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Countermyth is an tapp-out-control variant utilizing Myth Realized as its main threat. As a result the deck's curve lies 'low to the ground', allowing the pilot to focus on interaction as early as turn two. While it with little effort grows bigger, the main challenge is to evaluate when to make myth reality - a choice that will make or break the game for the pilot. This is a deck that seizes the controlling role in almost every game, where an early Myth provides "face" to our disruptive gameplan.

0.0 Background:

When Tasigur, the Golden Fang and Gurmag Angler was introduced to the format you were, with some tweaking, able to deploy a highly proactive threat for the mere cost of one mana. When playing control, going on the offense traditionally meant that you sacrificed a defensive position or had exhausted the opponent. But, the delve mechanic left enough resources available for reactive spells to be cast. These creatures made it possible to turn the corner much faster than usual, making the color paring especially potent with its reach, delve creatures and Kolaghan's Command.

I believe Myth Realized has similar potential. However, it's important to realize that a Myth-deck doesn't play like Grixis Control - Tasigur, the Golden Fang and Gurmag Angler becomes huge threats or defenders once resolved, whereas Myth Realized requires activation. The pros, I would argue, is that it doesn't rely on the graveyard, eventually grows bigger, and doesn't die to removal until we're ready to commit. The con is that we become prone to creature aggression, though this weakness can be accounted for through deck design.


1.0 Introduction & Layout:

In the primer I will explain the main concept, individual cards, sideboarding, gameplay, and matchups. I'm fully committed to the deck and I'm always looking for improvements, so changes are to be expected. If you ever decide to pilot the list, I would appreciate it if you preserved the deck-name. Finally, I hope you will enjoy the primer as much as I've enjoyed writing it - any questions or suggestions are welcomed with an open mind.

2.0 Composition:

For Countermyth I have chosen to divide spells into three main categories.

  1. Those that can replace themselves are the "fuel", as they "cantrips" for action while triggering Myth Realized.

  2. Then we have the "grip", which allows us to keep phase with our opponent, and interfere whenever they try to get past us.

  3. Finally "thrust" are the cards that eventually goes from twenty to zero - in controlling speed.

The key to pilot this deck is to realize that "fuel" doesn't develop our gameplan alone, therefore be cautious about opening hands which only contains "fuel" and no "grip" nor "thrust".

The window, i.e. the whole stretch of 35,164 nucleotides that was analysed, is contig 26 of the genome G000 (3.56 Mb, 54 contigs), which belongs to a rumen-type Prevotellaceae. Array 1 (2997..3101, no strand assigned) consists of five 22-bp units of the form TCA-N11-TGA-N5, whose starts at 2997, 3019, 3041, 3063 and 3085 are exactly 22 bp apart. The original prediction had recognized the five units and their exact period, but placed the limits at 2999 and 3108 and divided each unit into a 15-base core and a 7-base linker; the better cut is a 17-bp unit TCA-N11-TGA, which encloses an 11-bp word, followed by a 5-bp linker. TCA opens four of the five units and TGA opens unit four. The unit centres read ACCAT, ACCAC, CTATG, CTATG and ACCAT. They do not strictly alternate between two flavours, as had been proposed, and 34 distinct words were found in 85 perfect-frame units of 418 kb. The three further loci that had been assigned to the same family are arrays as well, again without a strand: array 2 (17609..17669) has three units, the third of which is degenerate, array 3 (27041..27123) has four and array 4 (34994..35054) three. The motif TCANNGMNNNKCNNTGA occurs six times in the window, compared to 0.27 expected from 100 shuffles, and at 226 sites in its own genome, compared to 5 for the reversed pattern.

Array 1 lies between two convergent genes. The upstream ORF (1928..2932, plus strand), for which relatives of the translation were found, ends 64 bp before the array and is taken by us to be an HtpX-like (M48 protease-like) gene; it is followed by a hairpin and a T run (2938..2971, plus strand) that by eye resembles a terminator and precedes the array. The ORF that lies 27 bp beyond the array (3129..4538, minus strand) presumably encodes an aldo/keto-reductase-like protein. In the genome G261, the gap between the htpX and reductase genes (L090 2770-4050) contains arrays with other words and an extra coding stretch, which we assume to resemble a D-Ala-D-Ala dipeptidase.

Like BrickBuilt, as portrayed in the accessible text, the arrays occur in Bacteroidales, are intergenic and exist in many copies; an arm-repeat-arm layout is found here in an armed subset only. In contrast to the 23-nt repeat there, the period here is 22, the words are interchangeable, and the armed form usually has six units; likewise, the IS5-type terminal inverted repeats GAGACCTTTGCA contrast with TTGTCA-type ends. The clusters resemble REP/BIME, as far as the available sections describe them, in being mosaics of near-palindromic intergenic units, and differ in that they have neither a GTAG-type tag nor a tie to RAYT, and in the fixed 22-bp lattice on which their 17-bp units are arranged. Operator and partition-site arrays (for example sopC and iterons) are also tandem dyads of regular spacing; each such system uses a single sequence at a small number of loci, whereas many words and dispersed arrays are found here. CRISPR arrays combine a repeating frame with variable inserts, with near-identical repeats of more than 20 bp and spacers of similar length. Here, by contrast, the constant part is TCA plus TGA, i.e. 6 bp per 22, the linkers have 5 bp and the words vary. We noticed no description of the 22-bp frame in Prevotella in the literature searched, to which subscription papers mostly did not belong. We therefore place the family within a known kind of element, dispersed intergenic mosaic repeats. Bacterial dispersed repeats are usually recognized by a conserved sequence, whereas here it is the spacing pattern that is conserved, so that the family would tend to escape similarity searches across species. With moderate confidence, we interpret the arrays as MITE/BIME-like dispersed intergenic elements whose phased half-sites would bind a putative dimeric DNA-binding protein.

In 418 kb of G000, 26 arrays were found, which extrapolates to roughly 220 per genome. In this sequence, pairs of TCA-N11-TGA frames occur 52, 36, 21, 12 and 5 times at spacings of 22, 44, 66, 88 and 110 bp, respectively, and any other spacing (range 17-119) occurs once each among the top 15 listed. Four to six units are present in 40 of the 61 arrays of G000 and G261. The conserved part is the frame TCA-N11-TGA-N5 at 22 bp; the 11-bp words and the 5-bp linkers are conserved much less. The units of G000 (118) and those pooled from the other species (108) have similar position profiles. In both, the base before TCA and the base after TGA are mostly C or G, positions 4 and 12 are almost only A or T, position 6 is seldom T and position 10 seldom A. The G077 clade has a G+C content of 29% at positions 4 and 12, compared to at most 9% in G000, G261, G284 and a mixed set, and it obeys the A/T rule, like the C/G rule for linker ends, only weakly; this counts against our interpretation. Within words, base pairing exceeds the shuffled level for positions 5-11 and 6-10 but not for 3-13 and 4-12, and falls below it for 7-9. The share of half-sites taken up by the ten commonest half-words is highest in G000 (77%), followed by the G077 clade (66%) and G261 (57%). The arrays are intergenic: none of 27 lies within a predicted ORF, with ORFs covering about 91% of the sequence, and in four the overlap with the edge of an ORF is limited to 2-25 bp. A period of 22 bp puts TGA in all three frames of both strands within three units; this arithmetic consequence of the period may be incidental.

4x Myth Realized

I believe that this card is good because it allows the deck to 'nourish' a threat while carrying out a reactive gameplan. As discussed, the reason why Tasigur and Angler are so powerful is due to their bodies being achievable for one black, making it easy to keep interaction live in hand. In comparison, Myth Realized can always be played for 'one' with the potential to grow bigger, but it requires build-up and activation to be effective. However, manifestation is what allows the card to be immune to most sweepers thus making our own Supreme Verdicts quite favorable.

While the deck most definitely is built with Myth in mind, it isnt solely relying on the card to win. Myth Realized's main role - apart from being a huge beater - is to diversify the threats we bring to the table. When sideboarding the opponent must consider his or her options; do I keep all my spot removal, or do I bring in sweepers to deal with Lingering Souls? The beauty is that few cards answer both problems we represent.

In order to utilize the Myth to the fullest you have to take into account what your opponent might be holding. When on the field the card can give you incidental information in the sense that sandbagged cards most likely will be answers - plan ahead, play smart and don't rush it. This is a card that rewards game knowledge more than anything else.

4x Lingering Souls

Souls are a key part of the "Countermyth" gameplan. The flashback ability makes the card resilient against counters and discard, while also making it possible to trigger Myth twice. It quickly populate the board with fliers that can either act as a threat or defense line. The myriad of tokens is hard to deal with for decks relying on spot removal, and it urges aggressive opponents to "go wide" in order to push damage through - setting up for a 1 for X Supreme Verdict.

2x Creeping Tar Pit

With such a low curve we're looking to get away with 22 lands. The deck seeks to utilize its mana every turn, and when you attack with a manland you want to be able to animate Myth as well. This makes Tar Pit a perfect fit as it only cost three mana to animate and doesn't require white mana. Celestial Colonnade ended up being too taxing.

1x Hour of Need

This is a 'flex / finisher slot', which means it can be whatever you'd like it to be. That being said, there is some thought behind Hour of Need;